• We are collaborating with 3 rd party software vendors and AWS business development to…. Adapt license models to the paradigm of elastic capacity Expand AWS support of 3 rd party vendors’ system requirements (Microsoft support of Windows OS) Test AWS hosted systems against vendors’ system performance benchmarks Work with your 3 rd party vendors.
  • Phase 2: Experiment and Get our hands dirty First thing we did get an account and get going. We started using S3 for backups. Then then we identified 2 pilot apps to deploy in EC2 (via a VPC) to validate latency, understand operational procedures, etc. The pilot apps were considered low risk – they were simple services classified with private data. One was an HR System that generates mailing lists off of reporting hierarchies and the other was a metadata service used by our software build systems. Once we had the two pilot apps running, we decided to move more – which brings us to phase 3.
  • Phase 3: Phased Migration We continue to refine our application assessments – looking at criticality, compliance requirements. We’ve set aggressive internal goals around migration for both internal applications and 3 rd party applications to give us momentum that are based on a multi-year phased application approach. What we found was that as we learned more, we wanted to share more and make it even easier for teams across Amazon to deploy to AWS.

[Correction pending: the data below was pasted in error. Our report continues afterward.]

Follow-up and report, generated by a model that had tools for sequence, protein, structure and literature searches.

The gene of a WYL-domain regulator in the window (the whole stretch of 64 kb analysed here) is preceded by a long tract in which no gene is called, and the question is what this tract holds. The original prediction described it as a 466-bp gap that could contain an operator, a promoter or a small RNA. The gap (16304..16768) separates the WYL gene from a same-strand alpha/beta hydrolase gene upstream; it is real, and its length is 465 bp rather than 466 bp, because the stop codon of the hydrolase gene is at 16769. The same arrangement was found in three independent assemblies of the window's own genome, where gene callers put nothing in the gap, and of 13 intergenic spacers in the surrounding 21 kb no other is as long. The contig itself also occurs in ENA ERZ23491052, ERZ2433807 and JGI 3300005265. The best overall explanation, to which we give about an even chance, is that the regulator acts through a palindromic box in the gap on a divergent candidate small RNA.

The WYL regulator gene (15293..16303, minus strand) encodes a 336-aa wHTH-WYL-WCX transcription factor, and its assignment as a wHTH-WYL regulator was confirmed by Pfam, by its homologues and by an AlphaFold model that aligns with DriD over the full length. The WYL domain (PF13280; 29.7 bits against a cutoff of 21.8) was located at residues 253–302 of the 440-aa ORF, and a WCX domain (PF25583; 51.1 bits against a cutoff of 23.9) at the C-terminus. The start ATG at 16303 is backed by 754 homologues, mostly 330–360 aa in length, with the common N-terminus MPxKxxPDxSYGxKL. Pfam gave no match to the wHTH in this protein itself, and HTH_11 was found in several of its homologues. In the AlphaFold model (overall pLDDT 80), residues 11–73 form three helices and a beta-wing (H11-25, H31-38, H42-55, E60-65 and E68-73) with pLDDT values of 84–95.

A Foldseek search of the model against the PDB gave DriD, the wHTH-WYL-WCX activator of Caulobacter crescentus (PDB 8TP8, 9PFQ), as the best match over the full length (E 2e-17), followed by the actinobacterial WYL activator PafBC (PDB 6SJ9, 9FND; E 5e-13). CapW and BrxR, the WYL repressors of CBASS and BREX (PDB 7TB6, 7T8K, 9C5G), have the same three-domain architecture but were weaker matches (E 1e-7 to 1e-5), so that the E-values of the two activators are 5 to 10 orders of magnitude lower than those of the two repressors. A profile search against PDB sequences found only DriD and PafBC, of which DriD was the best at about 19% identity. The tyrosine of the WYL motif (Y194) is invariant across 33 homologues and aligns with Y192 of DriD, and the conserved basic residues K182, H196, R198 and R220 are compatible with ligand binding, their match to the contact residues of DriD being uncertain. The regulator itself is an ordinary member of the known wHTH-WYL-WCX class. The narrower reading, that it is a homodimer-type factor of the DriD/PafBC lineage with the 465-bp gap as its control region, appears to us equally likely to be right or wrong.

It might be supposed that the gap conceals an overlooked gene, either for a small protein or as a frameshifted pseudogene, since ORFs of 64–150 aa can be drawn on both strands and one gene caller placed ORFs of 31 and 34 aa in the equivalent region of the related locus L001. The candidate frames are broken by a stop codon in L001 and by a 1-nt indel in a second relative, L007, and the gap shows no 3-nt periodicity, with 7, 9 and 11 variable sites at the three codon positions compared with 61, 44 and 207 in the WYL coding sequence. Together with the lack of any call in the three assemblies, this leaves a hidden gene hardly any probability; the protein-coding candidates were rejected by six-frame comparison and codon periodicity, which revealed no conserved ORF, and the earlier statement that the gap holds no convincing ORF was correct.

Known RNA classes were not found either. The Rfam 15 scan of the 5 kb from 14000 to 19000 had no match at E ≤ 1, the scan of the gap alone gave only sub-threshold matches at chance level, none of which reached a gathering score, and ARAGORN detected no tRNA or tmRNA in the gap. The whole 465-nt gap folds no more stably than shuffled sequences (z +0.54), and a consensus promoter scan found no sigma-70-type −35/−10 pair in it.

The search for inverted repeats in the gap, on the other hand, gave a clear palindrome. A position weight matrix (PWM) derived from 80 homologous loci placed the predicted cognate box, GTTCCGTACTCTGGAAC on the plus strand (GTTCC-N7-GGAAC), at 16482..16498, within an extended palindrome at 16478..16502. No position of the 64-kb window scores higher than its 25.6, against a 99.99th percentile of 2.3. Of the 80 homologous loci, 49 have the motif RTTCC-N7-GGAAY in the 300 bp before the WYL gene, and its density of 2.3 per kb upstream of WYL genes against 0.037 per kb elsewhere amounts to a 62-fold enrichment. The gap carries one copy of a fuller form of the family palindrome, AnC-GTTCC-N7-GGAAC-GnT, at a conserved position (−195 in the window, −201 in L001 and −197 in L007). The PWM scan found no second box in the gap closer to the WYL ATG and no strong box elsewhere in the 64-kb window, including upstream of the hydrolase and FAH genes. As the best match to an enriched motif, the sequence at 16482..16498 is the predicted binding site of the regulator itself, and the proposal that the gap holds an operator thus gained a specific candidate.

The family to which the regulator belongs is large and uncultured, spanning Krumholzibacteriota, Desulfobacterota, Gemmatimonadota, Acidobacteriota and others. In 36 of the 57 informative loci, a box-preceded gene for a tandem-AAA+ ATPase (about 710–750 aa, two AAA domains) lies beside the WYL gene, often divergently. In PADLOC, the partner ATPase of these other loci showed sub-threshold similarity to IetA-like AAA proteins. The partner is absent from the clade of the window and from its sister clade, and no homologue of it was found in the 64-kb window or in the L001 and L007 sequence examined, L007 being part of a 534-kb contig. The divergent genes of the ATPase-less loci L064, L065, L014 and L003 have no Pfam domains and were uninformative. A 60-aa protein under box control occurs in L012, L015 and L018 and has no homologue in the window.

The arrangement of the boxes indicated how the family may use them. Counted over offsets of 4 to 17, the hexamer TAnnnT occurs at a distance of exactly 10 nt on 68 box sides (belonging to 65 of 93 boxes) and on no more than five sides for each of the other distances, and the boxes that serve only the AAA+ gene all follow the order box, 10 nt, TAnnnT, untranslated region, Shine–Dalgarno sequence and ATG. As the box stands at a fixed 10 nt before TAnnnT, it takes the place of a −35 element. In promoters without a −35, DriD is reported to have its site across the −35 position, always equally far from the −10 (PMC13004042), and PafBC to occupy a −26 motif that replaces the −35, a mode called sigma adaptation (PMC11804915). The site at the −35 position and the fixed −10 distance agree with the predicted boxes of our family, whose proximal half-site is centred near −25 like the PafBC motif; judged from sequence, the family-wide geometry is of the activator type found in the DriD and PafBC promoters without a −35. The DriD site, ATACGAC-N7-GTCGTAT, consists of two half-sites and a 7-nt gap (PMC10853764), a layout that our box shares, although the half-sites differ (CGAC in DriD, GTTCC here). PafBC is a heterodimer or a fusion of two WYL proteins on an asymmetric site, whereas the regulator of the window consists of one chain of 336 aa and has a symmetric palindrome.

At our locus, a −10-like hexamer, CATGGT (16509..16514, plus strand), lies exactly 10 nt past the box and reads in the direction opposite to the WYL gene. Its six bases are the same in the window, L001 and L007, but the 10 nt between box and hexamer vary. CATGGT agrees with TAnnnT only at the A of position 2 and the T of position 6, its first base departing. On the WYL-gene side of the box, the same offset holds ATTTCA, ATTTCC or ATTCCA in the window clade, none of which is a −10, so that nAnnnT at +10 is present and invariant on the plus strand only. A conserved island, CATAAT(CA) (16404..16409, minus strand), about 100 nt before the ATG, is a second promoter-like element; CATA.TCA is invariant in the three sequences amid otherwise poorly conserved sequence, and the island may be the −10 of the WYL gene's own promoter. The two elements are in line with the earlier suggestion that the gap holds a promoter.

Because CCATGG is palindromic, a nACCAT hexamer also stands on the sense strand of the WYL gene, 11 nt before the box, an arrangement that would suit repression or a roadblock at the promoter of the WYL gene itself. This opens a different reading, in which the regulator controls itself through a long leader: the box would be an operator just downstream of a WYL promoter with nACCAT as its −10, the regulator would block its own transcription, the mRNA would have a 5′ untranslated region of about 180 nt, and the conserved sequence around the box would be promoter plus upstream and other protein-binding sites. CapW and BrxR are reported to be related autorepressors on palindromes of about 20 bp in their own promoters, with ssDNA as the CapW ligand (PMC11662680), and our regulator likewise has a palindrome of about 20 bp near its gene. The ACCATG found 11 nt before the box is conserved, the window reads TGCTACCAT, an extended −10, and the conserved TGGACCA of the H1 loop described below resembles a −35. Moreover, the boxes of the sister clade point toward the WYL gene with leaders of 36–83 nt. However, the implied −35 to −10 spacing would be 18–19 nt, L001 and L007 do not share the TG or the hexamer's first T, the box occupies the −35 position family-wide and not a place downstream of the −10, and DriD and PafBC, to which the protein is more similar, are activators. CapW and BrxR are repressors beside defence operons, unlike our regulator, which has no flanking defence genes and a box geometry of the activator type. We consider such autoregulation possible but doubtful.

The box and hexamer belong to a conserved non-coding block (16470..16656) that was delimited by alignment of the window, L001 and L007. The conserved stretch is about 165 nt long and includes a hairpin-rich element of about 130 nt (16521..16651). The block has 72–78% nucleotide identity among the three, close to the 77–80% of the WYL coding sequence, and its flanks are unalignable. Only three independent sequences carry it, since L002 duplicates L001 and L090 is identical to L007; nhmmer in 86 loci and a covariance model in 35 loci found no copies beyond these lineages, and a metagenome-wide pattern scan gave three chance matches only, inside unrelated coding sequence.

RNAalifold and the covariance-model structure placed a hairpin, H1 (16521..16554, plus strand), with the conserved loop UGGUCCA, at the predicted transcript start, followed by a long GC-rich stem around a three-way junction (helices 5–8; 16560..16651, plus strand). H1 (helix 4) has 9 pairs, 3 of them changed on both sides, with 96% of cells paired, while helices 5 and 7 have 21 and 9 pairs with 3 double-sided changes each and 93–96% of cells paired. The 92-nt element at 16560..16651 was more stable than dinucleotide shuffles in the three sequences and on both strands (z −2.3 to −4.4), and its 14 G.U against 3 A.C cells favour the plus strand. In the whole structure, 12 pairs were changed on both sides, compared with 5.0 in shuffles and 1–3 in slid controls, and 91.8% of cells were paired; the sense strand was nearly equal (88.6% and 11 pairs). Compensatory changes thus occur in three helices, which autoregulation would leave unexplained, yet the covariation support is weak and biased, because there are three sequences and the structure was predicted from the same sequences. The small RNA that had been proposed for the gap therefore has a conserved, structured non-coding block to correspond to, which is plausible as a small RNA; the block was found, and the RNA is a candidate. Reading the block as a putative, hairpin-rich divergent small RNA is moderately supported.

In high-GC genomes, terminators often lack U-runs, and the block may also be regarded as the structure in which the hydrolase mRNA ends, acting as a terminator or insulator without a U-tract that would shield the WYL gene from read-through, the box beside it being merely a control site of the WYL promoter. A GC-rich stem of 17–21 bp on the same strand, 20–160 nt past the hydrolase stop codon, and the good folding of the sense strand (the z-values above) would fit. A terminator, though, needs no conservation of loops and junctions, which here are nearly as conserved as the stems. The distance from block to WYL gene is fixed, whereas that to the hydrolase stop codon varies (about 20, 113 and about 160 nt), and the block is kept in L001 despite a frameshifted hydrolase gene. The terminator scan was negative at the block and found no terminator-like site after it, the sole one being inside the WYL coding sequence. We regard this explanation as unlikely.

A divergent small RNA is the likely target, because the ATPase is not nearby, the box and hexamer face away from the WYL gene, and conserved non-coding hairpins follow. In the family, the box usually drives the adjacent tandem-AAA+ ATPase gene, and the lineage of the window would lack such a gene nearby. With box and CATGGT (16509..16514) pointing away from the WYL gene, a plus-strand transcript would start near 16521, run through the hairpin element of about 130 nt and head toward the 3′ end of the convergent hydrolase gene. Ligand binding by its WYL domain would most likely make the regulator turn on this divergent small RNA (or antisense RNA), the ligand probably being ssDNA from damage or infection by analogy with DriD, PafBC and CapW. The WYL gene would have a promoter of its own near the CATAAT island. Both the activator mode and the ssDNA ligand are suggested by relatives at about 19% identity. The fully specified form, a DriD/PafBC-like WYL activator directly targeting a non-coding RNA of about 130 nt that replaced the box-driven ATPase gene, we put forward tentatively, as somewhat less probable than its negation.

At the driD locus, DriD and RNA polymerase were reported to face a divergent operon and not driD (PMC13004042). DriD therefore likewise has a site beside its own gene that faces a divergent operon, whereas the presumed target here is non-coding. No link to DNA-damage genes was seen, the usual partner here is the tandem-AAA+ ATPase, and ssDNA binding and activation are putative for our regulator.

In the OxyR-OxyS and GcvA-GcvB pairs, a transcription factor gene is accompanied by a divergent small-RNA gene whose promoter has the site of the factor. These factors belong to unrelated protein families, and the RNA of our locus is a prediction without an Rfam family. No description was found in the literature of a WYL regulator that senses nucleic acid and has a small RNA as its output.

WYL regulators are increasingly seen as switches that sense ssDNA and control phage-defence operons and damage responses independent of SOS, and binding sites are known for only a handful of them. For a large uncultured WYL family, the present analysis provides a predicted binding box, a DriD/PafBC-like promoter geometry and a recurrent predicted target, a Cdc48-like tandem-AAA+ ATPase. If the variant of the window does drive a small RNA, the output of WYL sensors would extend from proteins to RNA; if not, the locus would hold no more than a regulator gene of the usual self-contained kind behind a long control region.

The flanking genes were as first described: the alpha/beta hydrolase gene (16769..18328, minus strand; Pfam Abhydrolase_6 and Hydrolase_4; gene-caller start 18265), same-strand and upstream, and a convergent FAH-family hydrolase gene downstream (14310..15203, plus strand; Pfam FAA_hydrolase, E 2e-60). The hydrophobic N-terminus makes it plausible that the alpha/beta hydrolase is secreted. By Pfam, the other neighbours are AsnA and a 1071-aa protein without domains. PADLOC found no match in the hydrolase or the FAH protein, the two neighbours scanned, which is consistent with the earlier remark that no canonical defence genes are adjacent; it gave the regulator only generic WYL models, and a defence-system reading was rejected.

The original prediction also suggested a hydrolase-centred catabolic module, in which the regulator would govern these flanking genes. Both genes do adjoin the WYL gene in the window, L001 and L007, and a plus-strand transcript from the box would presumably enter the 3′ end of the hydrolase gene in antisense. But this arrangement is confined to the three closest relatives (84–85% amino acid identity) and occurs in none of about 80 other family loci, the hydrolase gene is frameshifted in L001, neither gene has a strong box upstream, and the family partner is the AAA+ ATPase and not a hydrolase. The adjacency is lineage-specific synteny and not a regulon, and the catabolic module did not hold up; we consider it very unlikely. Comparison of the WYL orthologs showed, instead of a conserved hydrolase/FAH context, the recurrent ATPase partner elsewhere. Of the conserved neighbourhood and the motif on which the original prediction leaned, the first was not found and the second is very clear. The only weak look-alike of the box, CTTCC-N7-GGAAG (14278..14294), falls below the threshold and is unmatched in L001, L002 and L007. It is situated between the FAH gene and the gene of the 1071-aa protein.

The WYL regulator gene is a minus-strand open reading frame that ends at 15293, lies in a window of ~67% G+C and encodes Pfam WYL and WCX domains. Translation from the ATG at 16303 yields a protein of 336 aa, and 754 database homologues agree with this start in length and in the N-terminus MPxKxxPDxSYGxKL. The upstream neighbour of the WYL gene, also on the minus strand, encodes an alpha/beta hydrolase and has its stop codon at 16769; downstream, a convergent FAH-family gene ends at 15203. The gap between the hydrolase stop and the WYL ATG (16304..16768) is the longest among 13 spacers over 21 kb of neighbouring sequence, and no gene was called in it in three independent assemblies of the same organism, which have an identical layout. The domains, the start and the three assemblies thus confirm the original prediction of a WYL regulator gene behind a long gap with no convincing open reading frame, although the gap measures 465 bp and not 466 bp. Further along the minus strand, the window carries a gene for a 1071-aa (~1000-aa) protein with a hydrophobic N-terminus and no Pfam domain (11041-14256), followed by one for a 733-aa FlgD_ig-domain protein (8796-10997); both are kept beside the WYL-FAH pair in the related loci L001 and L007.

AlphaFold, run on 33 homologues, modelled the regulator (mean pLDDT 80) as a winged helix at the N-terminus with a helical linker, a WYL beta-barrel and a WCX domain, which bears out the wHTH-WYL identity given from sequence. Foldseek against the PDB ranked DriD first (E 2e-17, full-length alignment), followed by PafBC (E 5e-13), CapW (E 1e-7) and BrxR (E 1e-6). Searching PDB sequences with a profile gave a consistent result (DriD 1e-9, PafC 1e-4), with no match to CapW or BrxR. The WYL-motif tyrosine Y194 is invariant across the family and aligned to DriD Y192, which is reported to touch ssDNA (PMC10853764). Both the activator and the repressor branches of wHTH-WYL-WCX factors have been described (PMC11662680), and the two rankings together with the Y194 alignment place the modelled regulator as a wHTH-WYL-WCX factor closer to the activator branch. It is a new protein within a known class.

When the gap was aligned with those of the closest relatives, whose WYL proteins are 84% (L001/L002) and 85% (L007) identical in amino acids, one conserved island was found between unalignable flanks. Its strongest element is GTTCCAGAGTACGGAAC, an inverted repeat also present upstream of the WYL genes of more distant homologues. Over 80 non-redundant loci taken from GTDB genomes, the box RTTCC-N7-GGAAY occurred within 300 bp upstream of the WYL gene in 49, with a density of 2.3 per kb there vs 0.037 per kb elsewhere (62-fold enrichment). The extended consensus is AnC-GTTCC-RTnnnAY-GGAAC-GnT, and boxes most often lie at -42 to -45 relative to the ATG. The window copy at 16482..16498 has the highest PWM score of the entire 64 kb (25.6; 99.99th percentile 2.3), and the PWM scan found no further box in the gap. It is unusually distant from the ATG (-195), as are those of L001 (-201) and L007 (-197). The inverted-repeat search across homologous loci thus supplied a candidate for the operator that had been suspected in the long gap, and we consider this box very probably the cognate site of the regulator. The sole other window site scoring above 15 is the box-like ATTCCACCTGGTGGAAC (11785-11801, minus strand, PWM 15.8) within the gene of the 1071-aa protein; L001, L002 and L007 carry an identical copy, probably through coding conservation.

• As an example of leveraging synergies across the organization, first thing we did was make encryption easy. Amazon takes care of the physical security of the data center - it’s our job to encrypt our data. We built a client library that is used to store data according to our own Amazon Security Data Handling Policy. The library is designed to be easy-to-use with minimal effort required from the developers to get all of the functionality that the Security team requires for data handling while maintaining the scalability that many services need in their day-to-day operations. S3 gives us a really simple file storage solution – such automated data backups. We have a simple website to enable users to put/get files and create hyperlinks to them.
  • Internal web application to host internal video for Amazonians – our internal YouTube Videos include tech talks, presentations, training, and company events Old solution required manual intervention by the audio/video team to encode and post QuickTime videos We had 2 software engineers in our KM organization who wanted to fix the problem. They went off and in 3 weeks time – had completely refactored how employees post and download internal videos. Self-service publication, automatic encoding, and automatic publication